KW Praktica
KW Praktina
Pentacon F
Kalimar Reflex
Zenit 3M
Polaroid SLR 680
other SLRs

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SLR cameras

Here are the various SLR cameras in my collection. Other groups can be found elsewhere:
TLR cameras
focal plane shutters
folding cameras

SLR stands for single lens reflex, cameras that show the subject through the camera lens by means of a mirror and pentaprism or waist-level viewfinder. I tend not to collect these, at least not systematically as I prefer the range- and viewfinders of earlier days (and one has to draw a line somewhere!), but I do have several scattered on this site, including a Retina Reflex and some Exa/Exaktas. I also still own a Minolta 9xi from my pre-digital days and a Sony A77, which technically is called an SLT as it has a semi-transparent mirror. My other SLRs (only one so far!) follow here.

KW Praktica

The KW Praktica was one of the first SLR cameras on the market and sort of a poor man's Exakta. It was a further development by Kamera Werkstatten (KW) if its first SLR, the Praktiflex. KW was based in Dresden and had developed some innovative cameras in the early 1930s, including the Pilot Reflex, a small handsome TLR camera. After WWII KW resumed production fairly quickly and introduced the Praktica with M42 screw mount, which mount had only recently been introduced with the Zeiss Ikon Contax S. The Practica was a great succes and soon after followed a whole range of Praktica SLRs, which lasted until well in the 1990s (as part of VEB Pentacon).
The 1949 Practica was a fairly simple SLR camera with a non-interchangeable waist-level viewfinder, a wind knob and a fastest speed of 1/500s. It was relatively cheap and reliable. A separate pentaprism viewfinder which could be mounted on top of the waist-level viewfinder was available as an option.

KW Praktica Tessar photo

An early version of the KW Praktica, recognisable by its integrated strap lugs, with coated CZJ Tessar 50mm f3.5 lens. The waist-level viewfinder could also function as a so-called sportsfinder by opening the flap with the KW logo on it.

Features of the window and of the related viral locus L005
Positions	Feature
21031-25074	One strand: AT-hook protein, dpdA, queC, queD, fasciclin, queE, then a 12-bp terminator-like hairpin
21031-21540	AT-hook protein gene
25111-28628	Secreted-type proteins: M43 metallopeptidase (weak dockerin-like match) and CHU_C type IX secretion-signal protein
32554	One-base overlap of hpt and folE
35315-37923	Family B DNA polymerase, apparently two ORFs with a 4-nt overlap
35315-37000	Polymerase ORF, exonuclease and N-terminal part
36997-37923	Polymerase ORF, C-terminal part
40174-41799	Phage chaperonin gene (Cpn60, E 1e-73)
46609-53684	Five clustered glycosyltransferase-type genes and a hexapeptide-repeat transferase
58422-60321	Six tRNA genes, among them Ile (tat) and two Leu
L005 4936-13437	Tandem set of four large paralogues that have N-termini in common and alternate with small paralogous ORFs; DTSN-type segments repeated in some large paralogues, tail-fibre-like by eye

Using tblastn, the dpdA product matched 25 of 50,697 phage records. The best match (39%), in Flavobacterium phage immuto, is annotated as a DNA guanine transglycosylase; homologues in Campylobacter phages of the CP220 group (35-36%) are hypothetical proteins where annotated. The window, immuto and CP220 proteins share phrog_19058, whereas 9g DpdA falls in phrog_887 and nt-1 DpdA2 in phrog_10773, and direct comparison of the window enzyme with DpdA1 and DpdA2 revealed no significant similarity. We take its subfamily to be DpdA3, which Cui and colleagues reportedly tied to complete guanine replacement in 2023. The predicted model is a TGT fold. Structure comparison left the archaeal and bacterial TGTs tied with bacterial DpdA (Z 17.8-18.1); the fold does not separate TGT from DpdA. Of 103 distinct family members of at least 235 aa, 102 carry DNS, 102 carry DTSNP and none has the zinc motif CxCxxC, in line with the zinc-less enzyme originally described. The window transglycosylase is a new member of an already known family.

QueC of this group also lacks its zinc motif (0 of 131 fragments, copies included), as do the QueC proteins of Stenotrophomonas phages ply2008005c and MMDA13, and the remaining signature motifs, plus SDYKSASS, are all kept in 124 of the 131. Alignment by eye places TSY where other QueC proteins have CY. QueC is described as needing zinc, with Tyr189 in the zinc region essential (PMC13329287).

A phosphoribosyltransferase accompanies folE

KW Praktica Tessar  photo

Detailed view of the top of the KW Praktica showing the waist-level viewfinder unit with magnifier. Also note the shutter speed dial, the top dial of which functioned as the slow and fast speed selector. If it pointed to the black triangle, the black numbers applied, and if it pointed to the red triangle, the (slow) red numbers applied. The speed itself was indicated by a small red dot on the lower ring.

KW Praktina

The 1954 Praktina was a more advanced model of Kamera Werkstatten's Practica, described above. It was highly adaptable, having interchangeable viewfinder, focussing screen and camera back, as well as a provision to mount a motor wind. In addition, the Praktina had a revolutionary feature: automatic aperture control, which allowed to focus at maximum aperture but would automatically stop down to the selected aperture upon firing the shutter. Of course this was also available on the Ihagee Exakta Varex, but there it was done on the lens whereas on the Praktina it was implemented in the body. Moreover, the Praktina took it a step further. On early models (the Praktina FX) one still had to open the aperture manually after shooting, but on the 1958 Praktina IIA the aperture would be opened during film winding (on lenses that allowed this feature), so one never had to worry about it anymore.
A peculiar feature of the Praktina was the presence of a direct viewfinder in addition to the through-the-lens viewfinder. It was brighter so useful in low light, and would not blank out during shutter release, one of the drawbacks of SLR cameras without automatic mirror return.